Amoeblog

Psych Folk legend Eiichi Ohtaki dies at 65

Posted by Kelly S. Osato, January 10, 2014 04:01pm | Post a Comment
japanese singer songwriter folk rock acid musician producer psych happy end eiichi ohtaki eulogy dies dead 65 influential legend

Japanese singer-songwriter and producer Eiichi Ohtaki passed away at a hospital on Monday, December 30, 2013 after having collapsed at his Tokyo home while eating an apple, a piece which had apparently stuck in his throat causing him to choke. He was 65.

happy end eiichi ohtaki takashi matsumoto shigeru suzuki haruomi hosono apryl fool yellow magic orchestra japanese folk rock psych acid

Ohtaki's influential contributions to Japanese pop and folk rock music worldwide could not be more legendary. Born on July 28, 1948, he was perhaps most famous for being the singer/guitarist and founding member of Happy End (pictured left above),  a band he formed with fellow Japanese rock heavy hitters Takashi Matsumoto (Apryl Fool), Shigeru Suzuki and Haruomi Hosono (Apryl Fool/Yellow Magic Orchestra). From 1969 to 1972 the ensemble produced three studio albums that pioneered a highly revered heavy acid folk sound that made them Japan's most beloved and critically acclaimed classic rock bands of all time. More recently the ensemble won notoriety stateside when their song "Kaze wo Atusmete" was featured in the soundtrack for Sofia Coppola's 2003 film Lost In Translation.

Happy End - "Kaze wo Atsumete" from Kazemachi Roman (1971)

Numero Group's forthcoming Lost '70s Rock comp feat. amateur D&D art is giving me life...

Posted by Kelly S. Osato, November 21, 2013 02:40pm | Post a Comment
black sabbath sabbath bloody sabbath album art cover LP vinyl devil stoner hadr heavy smokey rock NWOBHM+ advanced dungeons and dragons vintage player manual master read first paperback guide role game
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every reason why I'm so excited about this upcoming release:
numero group warfaring strangers dungeoun & dragons 70s smokey riffs classic rock heavy stoner wizard magic DARKSCORCH CANTICLES SET TO ARRIVE FEBRUARY 2014 VIA NUMERO GROUP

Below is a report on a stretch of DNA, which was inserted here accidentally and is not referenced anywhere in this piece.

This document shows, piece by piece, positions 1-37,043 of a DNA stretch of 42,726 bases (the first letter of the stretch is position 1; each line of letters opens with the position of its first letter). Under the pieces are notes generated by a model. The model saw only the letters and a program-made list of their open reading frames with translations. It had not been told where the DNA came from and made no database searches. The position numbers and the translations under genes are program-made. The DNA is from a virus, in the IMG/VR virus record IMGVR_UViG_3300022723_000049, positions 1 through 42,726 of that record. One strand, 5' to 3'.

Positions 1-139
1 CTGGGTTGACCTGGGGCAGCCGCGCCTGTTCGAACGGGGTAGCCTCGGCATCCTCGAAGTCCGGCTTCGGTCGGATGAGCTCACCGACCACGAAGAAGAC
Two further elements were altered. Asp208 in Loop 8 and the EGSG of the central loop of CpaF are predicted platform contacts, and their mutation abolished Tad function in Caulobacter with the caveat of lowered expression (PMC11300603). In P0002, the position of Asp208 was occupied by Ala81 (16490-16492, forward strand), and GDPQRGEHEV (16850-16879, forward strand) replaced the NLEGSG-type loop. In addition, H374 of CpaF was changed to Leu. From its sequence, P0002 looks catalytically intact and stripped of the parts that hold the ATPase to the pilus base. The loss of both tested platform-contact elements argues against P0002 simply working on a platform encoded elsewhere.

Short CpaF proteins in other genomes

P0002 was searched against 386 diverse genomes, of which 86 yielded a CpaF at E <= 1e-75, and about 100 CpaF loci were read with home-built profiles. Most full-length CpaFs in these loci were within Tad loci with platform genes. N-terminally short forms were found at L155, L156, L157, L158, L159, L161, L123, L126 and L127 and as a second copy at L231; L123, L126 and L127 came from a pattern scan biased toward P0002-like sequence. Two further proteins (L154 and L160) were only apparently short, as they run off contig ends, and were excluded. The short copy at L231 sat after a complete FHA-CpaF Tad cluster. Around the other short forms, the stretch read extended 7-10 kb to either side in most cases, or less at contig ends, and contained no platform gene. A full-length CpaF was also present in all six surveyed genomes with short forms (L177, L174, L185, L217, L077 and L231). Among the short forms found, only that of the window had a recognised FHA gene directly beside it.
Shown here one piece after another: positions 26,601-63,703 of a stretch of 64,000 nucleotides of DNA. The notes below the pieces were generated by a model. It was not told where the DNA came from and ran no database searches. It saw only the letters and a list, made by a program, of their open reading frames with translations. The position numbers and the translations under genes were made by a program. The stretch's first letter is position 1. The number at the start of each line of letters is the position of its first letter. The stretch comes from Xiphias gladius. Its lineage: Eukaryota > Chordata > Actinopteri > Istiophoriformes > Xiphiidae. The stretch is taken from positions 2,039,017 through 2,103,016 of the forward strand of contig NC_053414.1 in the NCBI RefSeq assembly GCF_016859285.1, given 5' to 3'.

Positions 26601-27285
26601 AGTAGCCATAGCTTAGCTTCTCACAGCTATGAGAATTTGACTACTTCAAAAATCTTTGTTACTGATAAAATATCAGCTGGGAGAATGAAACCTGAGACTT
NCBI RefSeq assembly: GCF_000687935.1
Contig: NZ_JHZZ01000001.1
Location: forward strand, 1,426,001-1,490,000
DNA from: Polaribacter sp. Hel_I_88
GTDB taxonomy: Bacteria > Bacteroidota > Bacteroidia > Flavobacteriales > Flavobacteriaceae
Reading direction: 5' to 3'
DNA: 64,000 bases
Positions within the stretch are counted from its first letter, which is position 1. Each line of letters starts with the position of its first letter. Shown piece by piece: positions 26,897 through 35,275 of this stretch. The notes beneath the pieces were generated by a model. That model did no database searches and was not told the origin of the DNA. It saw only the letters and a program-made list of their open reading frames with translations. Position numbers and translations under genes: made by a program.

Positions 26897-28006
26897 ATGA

This past Halloween marked a break in the fog obscuring yet another exciting prospect from the deep diggers and detail sticklers at Numero Group. The past few years has seen the label expanding the scope of their offerings and this one is set to be quite the departure from their formative fare, so much so that one might even be tempted to inquire after what they've been smoking. If the above cover art and the sample, below, of the amateur Dungeons & Dragons campaign sketches promised to be incorporated into the overall packaging are any indication, I'd wager that they got a hold of some good ol' stuff! Slated for a February release, Warfaring Strangers: Darkscorch Canticles compilation of lost 70s smokers I can really do with -- this is a direction I'd love to see the label explore further. I'm chuffed to bits for their Purple Snow Minneapolis Sound comp dropping in early December, but this sixteen-sided die seems just as destined for niche-interest veneration as their WTNG 89.9: Solid Bronze collection.

The Muscle Shoals Documentary: A Tale of Two Studios, One Sound

Posted by Kelly S. Osato, October 17, 2013 03:50pm | Post a Comment
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From Dave Grohl's Sound City to 20 Feet From Stardom there have been some really great music-related documentary films released recently, perhaps none so overwhelmingly transcendental as the story of a reliable hit-maker and an iconic sound rooted in a sleepy corner of Alabama called Muscle Shoals
muscle shoals welcome sign alabama soul music fame rick hall studios documentary

Between providing the most literal rendering of "I'll Take You There" and dabbling in discovering the metaphysical origins of what has come to be lauded as the "Muscle Shoals sound," Muscle Shoals blends reflective interviews of those who lived and tracked the music, bolstered by snippets and loops of the iconic sound itself, with layers of pastoral vistas and rustic rural vignettes of the surrounding countryside, playing like a gorgeous cinematographic back-mask. Combined with the fleeting highs and the tragic lows experienced by musician, songwriter and Fame Studios producer Rick Hall, his session players, The Swampers (who would later found a similarly nondescript recording studio across town in a former casket factory), among others still living in the glory of the Muscle Shoals nexus, the film also depicts the triumph of a phenomenon bigger than anyone can fully understand nowadays: the earthly crossroads of soul, country, funk and rock and roll at a time when "separate but equal" was the order of the day.